The Doctrine of Christ (part 4)

April 07, 2008     Time: 00:50:21


Craig continues on the Doctrine of Christ (Christology). Incarnation. Logos. Council of Nicaea. Apollinaris. Sinlessness of Jesus. Nestorianism. Council of Chalcedon.

. . . the close of the movie Saving Private Ryan. You may remember in that portion of the film, the elderly Ryan comes back to Normandy for D-Day commemorations. As he approaches the graves of those men who gave their lives to save him so that he could be extracted from Normandy and sent home to be safe, he falls on his knees. He is so broken up emotionally. As his family struggles to help him to his feet, he says to his wife, “Tell me I’ve been a good man.” You see, he realized that those other soldiers had given their lives so that he could live and be saved. As he thought back on his life, he wanted to know that it hadn’t been in vain; that he had lived a life that was worthy of the sacrifice that they had made. So he wanted that affirmation from his wife, “I’ve been a good man. These men did not die in vain.”

As I saw that film, I thought, you know, every one of us is Private Ryan because the lives that were given by those servicemen in World War II and elsewhere are the lives that have made it possible for us to exist and to live the lives of freedom and security that we enjoy today. So really every one of us needs to ask that question of ourselves: have I been a good man? Have I lived a life that is worthy of the lives that have been given on behalf of that freedom. If those who have fallen in the service of our country in foreign wars could look at my life today, would they be revolted and repulsed and say, “This is what I died for? So this person can live this kind of hedonistic, materialistic, consumeristic, pointless life?” Or would they look at our life and say, “Yes, my sacrifice was worth it so that person could be free and live that kind of a life.” I mean that in a very real sense. We really are indebted to those who have given their lives in that way for the kind of freedom and security we enjoy today. We have to ask ourselves: was it worth it for them to do that? Have I lived a life, have I discharged my life, in such a way that they would be pleased with the sacrifice that they made?

So as we think about Memorial Day, I think it is a real call for us to reassess our own lives in light of that sacrifice and to purpose that they shall not have died in vain; that the lives that we lead today will be lives that will be worthy of the sacrifice that our soldiers have made in the fields of battle on foreign soils.

That is just a thought for you to consider as we think about Memorial Day and express our appreciation to those who have fallen in the service of our country.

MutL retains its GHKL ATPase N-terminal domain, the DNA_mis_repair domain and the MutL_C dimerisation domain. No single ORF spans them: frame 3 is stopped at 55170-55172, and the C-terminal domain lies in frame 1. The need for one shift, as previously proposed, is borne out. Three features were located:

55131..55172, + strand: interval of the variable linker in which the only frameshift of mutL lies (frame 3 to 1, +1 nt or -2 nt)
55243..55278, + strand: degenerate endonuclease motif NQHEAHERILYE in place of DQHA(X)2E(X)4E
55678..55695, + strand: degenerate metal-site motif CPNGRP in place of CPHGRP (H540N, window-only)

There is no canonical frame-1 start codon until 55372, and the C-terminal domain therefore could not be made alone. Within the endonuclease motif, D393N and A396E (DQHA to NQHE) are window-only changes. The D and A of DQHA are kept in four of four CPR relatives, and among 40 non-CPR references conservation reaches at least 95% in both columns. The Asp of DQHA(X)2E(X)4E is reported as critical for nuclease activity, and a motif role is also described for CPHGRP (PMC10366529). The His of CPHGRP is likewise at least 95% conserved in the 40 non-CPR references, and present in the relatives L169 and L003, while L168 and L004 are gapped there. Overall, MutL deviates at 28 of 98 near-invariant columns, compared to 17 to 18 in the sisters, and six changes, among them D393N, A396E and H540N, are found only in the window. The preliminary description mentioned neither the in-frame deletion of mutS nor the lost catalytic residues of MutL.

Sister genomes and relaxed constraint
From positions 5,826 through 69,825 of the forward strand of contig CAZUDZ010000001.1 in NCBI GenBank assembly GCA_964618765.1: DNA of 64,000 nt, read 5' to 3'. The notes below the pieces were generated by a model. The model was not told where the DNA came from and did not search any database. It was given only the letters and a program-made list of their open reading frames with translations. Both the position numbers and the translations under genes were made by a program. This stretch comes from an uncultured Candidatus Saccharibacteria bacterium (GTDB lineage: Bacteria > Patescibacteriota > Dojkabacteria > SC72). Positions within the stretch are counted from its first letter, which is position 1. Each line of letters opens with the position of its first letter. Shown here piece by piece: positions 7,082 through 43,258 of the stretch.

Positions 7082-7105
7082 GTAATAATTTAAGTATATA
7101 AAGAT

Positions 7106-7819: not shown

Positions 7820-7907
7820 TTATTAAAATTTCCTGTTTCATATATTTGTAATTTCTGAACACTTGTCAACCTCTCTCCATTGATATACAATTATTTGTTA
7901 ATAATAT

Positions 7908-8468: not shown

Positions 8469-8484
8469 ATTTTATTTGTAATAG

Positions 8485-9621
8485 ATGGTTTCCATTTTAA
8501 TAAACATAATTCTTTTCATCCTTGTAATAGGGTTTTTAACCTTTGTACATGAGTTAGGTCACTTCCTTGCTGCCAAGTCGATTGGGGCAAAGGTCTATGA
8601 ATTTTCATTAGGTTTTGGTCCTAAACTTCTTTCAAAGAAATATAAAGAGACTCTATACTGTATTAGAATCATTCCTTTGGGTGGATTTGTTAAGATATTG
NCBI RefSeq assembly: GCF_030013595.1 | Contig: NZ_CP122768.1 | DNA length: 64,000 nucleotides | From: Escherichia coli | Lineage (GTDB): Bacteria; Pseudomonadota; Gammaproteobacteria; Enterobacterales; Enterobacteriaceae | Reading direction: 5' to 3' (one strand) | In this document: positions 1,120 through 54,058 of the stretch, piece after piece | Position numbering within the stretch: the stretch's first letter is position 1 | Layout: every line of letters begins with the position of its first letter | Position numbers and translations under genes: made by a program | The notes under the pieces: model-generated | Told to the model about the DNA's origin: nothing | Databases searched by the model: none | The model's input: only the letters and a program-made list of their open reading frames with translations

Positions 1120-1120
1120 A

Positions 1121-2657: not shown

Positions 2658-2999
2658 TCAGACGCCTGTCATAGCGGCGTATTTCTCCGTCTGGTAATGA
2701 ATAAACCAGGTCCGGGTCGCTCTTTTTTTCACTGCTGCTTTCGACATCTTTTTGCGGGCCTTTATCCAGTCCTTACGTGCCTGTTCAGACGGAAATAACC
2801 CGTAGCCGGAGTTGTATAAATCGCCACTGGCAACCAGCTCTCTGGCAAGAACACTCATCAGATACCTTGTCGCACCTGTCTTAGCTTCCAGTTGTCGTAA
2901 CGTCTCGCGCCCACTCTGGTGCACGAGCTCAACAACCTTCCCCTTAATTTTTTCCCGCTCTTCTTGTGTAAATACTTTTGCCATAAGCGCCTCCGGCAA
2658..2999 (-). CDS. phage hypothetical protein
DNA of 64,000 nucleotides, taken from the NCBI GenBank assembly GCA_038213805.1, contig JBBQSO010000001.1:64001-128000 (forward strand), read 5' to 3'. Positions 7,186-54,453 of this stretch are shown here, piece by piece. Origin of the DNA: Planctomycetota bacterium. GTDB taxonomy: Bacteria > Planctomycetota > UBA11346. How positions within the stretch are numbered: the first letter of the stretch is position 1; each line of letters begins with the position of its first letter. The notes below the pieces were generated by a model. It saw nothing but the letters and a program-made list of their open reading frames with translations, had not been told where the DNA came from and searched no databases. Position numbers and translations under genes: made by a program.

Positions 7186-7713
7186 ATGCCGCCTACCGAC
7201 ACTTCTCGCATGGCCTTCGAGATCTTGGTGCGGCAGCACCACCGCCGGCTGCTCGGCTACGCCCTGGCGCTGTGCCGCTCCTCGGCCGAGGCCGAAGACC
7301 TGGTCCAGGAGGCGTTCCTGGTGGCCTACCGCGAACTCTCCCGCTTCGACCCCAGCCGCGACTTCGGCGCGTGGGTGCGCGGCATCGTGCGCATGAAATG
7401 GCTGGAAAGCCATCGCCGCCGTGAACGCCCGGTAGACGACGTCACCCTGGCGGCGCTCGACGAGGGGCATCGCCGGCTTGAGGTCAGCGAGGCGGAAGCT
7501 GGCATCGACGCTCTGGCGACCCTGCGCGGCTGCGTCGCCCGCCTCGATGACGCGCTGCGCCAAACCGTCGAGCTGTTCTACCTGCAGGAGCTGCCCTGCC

[Opening prayer][1]

We have been thinking about the subject of the incarnation. Remember last time we saw that the church sought to avoid the two errors of Modalism and Arianism. Modalism held that all three of the persons of the Trinity are equally divine, but that in fact there is no Trinity – there is just one person. Modalism was a form of unitarianism. The church rejected that by saying that there are three distinct persons in the Trinity. On the other hand, Arianism held that there are three distinct persons but Arianism denied the full deity of the Son, saying the Son is in fact a creature – the first creation of God – and that only God the Father is truly God.

The church renounced both of these heresies and said that there are three persons who are equally God, equally divine, and yet are distinct individual persons.

We saw that this came to expression in the Council of Nicaea in the Nicene Creed. But there was a dissension in the church as a result of Nicaea over the interpretation of the word hypostasis. Hypostasis is the Greek form of the word substantia in the Latin. Substantia or substance is something that stands under something else. Sub-stantia – stands under. That is to say, a substance is a thing which bears properties. For example a dog has the property of being brown, being a collie, having four legs, and so forth. Having four legs or being brown are not substances – those are properties. But the dog is a substance. The dog is a thing that has properties. Hypostasis is the Greek form of the Latin substantia – something that stands under or bears properties. So the Nicene Creed uses the word hypostasis in the sense of substantia to say there are not three substances – three hypostases – in the Trinity. There is only one substance.

We saw that the Greek church fathers objected to this because the Greek church fathers understood hypostasis in a quite different way than the Latin church fathers did. They did not equate hypostasis with substance. Rather they thought of hypostasis as a sort of individual. So a rational hypostasis would be equivalent to the modern idea of a person. They wanted to say, therefore, there are three rational hypostases in the Trinity and that is the Father, the Son, and the Holy Spirit.

This disagreement over the Council of Nicaea was finally ironed out in the Council of Constantinople in 381 where the church adopted the interpretation of the Greek church fathers saying that there are three hypostases in one substance. There is one thing that is God but there are three hypostases, in that case three persons, in the one substance of God.

That is a little bit by way of review of where we come to today with the church councils.


Student: [inaudible]